When you look west from Westcliffe, you’ll see signature streaks of grass on a mountainside, recalling the Conquistador Ski Area. It operated from the late 1970s until 1988. During the following decade, new owners renamed and tried to revive the area but ultimately failed.
Dick Milstein purchased 3,000 acres of Wet Mountain Valley ranches in the 1960s, along with significant water rights for snowmaking, as he formulated plans to build the ski resort. Although locals protested, fearing the resort would change the the valley’s culture, the ski area opened in 1976 with two surface lifts taking skiers up 250 vertical feet.
Several lean snow years caused the ski resort to grow slowly. But Milstein continued to pursue his vision by adding terrain and installing two new chairlifts in 1982. They increased the vertical drop to 1,200 feet.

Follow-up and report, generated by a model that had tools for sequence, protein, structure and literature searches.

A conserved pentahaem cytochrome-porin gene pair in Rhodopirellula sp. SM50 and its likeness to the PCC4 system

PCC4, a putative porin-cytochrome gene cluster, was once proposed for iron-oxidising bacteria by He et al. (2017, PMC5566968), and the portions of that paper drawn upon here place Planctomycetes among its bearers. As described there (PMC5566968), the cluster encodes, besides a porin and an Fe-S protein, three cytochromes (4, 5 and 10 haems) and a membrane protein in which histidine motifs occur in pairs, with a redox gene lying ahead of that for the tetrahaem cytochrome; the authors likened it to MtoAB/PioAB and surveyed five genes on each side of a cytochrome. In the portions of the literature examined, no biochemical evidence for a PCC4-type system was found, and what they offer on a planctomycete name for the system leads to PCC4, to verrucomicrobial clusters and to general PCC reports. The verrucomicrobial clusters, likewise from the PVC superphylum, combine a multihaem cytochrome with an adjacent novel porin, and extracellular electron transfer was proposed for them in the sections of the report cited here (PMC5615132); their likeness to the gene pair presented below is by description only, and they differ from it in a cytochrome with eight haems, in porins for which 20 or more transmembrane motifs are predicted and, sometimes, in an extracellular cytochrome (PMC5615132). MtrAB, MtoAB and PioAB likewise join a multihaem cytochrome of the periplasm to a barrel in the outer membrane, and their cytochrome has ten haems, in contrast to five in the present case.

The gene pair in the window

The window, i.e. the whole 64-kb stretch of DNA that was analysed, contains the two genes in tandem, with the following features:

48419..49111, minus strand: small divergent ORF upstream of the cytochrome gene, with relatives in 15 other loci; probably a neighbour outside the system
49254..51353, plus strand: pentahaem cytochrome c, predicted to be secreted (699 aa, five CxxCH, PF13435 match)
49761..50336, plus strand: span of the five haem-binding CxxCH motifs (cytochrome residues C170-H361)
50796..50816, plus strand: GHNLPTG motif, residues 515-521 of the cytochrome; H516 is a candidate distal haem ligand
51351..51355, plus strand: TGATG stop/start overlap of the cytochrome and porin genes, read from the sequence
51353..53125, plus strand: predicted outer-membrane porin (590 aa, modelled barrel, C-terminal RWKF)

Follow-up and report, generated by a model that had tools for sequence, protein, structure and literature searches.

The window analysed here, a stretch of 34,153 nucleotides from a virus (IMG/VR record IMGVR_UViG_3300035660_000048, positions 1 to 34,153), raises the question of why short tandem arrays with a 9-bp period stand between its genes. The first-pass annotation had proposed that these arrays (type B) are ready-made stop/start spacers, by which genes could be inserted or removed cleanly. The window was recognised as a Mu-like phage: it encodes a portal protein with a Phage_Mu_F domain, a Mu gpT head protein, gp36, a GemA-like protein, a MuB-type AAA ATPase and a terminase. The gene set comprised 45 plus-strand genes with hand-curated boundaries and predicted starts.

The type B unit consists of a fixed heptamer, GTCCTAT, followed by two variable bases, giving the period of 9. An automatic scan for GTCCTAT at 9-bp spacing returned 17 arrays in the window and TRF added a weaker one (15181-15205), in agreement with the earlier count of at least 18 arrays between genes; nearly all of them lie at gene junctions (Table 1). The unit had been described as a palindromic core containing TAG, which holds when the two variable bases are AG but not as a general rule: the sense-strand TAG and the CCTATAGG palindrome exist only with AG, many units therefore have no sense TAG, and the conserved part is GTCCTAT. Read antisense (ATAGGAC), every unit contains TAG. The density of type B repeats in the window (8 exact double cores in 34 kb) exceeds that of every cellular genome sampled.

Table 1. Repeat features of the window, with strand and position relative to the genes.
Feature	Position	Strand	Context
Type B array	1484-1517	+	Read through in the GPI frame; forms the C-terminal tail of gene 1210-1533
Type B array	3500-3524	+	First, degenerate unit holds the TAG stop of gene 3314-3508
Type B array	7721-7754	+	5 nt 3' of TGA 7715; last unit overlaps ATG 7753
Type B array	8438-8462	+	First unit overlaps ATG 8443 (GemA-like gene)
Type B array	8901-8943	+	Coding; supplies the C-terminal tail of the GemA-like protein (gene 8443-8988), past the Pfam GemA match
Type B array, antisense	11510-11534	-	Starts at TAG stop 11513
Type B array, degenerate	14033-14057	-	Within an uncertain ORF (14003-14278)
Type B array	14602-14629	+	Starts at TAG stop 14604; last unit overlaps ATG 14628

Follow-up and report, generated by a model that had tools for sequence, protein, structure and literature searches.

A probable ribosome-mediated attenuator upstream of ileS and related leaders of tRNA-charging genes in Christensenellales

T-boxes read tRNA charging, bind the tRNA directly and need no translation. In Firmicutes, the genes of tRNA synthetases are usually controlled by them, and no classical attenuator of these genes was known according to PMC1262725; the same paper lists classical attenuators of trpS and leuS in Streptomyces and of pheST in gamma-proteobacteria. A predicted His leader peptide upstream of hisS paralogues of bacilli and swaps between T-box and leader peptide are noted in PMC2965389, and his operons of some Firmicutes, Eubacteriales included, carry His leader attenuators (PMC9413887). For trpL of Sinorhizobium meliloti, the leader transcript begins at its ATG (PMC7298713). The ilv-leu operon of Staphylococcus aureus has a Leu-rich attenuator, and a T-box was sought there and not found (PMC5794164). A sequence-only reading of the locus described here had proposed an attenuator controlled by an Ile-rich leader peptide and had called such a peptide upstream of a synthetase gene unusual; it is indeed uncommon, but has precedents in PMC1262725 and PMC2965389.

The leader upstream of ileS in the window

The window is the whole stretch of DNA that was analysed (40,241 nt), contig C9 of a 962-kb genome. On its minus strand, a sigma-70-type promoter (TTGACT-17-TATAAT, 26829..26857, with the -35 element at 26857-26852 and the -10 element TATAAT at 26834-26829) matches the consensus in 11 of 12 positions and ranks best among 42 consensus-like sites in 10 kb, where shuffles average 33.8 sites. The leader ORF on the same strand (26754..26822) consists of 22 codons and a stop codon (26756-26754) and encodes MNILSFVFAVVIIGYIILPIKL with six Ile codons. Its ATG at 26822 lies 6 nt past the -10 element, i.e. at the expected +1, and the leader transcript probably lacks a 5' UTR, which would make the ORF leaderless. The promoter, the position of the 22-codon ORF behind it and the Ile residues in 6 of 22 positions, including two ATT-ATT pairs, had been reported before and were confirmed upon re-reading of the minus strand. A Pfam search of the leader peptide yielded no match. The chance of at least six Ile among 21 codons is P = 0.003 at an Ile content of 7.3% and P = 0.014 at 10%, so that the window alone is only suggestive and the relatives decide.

Despite these additions, the slopes’ comparatively low elevation, poor orientation and distance from major cities cursed the ski resort. Milstein’s plans failed, but the resort continued operating under federal receivership until 1988.
New owners opened Mountain Cliffe resort for the 1992-93 season, but poor weather and management disputes doomed their efforts. The resort closed for the last time in March 1993.
The ski area’s base is now the Hermit Basin Conference Center, hosting Christian groups, and when there’s room at their inn, private guests. Besides conference space, food and lodging, the center offers up recreation in the surrounding hills and valley.
But the area’s ski history gently haunts the place. A fleet of rental gear from the 1980s packs a storage building. And the hillside’s grassy swaths still tempt occasional backcountry skiers—who must skin in and out, via National Forest property, avoiding the privately owned base area.